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Washington Under the British Flag (1909)

George Washington was born In 1732, received a plain but practical education at the district schools and later at an academy, much of his learning, however, coming from the teachings of his... See full summary »





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George Washington was born In 1732, received a plain but practical education at the district schools and later at an academy, much of his learning, however, coming from the teachings of his older brother, who was educated in England. We find the subject of our picture at the age of 16 on a surveying expedition with George William Fairfax. The day's work ended, the party of surveyors camps for the night. We see the Indians stealing upon them and Washington's early ability as a soldier is here testified to by putting the Indians to flight. At this period both the English and French were claiming lands in the Ohio Valley. The war spirit is manifest especially in Virginia and through the intervention of his brother, Washington received the appointment of Adjutant General and in this capacity is seen on a mission to the French, where he was received indifferently, presumably on account of his youthful appearance. Preparations for war were begun and at the death of Colonel Frye the command ... Written by Moving Picture World synopsis

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Drama | Short





Release Date:

29 June 1909 (USA)  »

Also Known As:

George Washingtons Liv og Levned  »

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Technical Specs

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Aspect Ratio:

1.33 : 1
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Followed by Washington Under the American Flag (1909) See more »

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User Reviews

Well sustains the Vitagraph reputation for lavishness and splendor
26 November 2014 | by (Chicago) – See all my reviews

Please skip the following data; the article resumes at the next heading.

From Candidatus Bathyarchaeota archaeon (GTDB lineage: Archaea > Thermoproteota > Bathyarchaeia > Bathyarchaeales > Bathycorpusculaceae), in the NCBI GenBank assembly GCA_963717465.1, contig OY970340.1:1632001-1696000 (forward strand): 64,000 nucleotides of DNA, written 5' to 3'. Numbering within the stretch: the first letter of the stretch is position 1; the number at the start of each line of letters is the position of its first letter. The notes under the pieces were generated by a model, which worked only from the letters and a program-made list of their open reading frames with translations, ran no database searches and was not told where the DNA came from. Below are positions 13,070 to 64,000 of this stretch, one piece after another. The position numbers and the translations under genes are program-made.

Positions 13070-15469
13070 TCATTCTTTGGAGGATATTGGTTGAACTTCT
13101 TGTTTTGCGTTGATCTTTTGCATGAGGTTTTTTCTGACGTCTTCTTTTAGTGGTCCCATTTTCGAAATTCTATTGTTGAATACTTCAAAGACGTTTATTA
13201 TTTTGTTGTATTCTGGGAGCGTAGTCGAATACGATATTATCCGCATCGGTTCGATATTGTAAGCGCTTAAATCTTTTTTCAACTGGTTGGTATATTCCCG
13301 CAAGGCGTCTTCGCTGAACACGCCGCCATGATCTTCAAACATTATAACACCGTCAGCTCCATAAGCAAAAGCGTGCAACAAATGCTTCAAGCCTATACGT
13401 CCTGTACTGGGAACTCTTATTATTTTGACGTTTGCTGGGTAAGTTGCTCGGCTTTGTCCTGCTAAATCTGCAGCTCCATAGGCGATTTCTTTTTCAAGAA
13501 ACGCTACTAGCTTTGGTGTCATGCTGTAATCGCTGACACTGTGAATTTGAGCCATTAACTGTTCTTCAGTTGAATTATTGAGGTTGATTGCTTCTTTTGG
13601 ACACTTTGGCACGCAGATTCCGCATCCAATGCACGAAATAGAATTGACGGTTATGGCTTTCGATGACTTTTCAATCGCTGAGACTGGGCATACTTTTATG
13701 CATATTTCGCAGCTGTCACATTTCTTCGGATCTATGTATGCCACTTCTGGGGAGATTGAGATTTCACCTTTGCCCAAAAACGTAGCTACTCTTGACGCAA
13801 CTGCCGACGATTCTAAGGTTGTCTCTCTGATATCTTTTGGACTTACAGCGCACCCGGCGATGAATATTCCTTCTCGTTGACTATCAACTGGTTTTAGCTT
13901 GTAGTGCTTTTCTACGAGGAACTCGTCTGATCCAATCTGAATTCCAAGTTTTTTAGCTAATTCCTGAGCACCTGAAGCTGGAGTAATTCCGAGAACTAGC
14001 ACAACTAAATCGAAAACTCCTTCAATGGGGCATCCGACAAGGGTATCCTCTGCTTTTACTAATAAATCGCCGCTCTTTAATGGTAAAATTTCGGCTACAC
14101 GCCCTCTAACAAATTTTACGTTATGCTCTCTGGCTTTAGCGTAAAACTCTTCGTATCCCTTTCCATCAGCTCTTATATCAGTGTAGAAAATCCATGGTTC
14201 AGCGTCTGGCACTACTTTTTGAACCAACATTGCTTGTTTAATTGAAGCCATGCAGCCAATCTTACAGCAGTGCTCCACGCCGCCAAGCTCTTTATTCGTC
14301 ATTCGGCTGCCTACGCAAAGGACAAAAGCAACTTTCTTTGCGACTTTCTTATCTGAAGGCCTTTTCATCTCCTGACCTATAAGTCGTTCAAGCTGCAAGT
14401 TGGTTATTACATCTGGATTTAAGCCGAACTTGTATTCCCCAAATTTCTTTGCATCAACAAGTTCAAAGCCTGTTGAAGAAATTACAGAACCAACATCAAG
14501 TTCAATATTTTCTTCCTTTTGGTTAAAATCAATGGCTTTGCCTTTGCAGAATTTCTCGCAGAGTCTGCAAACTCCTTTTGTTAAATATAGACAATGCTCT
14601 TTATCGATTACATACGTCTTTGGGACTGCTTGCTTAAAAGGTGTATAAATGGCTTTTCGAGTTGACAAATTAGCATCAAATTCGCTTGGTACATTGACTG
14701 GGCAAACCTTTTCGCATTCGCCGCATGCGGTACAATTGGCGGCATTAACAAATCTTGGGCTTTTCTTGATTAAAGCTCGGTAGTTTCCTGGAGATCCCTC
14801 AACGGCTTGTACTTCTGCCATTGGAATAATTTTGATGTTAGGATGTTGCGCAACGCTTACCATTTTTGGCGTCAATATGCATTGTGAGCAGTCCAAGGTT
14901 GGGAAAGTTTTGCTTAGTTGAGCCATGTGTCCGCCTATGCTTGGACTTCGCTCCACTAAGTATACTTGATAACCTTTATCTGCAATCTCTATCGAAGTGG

The career of "The Father of His Country" will always be popular reading with patriotic Americans, and if appearances count for anything, those who frequent moving picture theaters (and they are counted by millions) will never tire of studying the life of Washington in graphic form. In this picture the Vitagraph Company with timely enterprise, and we wish to congratulate this company on the appropriateness with which it produces many of its splendid pictures, have chosen that period of Washington's career which was passed in the service of the British Government for illustration. Starting with his surveying work in Virginia, a very pretty piece of picture-making, by the way, Washington's early military experiences are illustrated in a number of disconnected scenes, each, as it were, complete in itself. The movements of the troops and officers employed in these scenes were very well rehearsed and great realism indeed was imparted to an ambuscade of Indians where death was dealt out to the unsuspecting whites. Probably patriotic Americans will care less for this picture than for that which follows it, wherein Washington is shown serving under the flag of that country which he made free. But, patriotism apart, all unite in appreciating the almost idyllic beauty of the latter part of the film which we are noticing. For it shows Colonel Washington in love. He meets the charming widow who subsequently becomes his wife. We see him as the courtier, the love dalliant, and finally as the proud bridegroom leading his pretty wife to the altar and finally being driven away with her in his carriage to the plaudits and congratulations of the guests. Effective and stirring as were the early parts of this film, these must, we think, yield the palm for tenderness of beauty and sentiment to that which shows the gallant young Colonel in the role of lover and bridegroom. These scenes are very beautifully staged indeed, and well photographed, and we think they would linger in the mind of the average person longer than the impression of military exploits. We think the Vitagraph Company is heartily deserving of praise for the splendid qualities of this picture. It is nicely colored and in parts full of the most exquisite photographic delicacy. As a feature film it will undoubtedly be popular with holiday audiences, for it cost a great amount of time and money to produce and well sustains the Vitagraph reputation for lavishness and splendor of production. – The Moving Picture World, July 3, 1909

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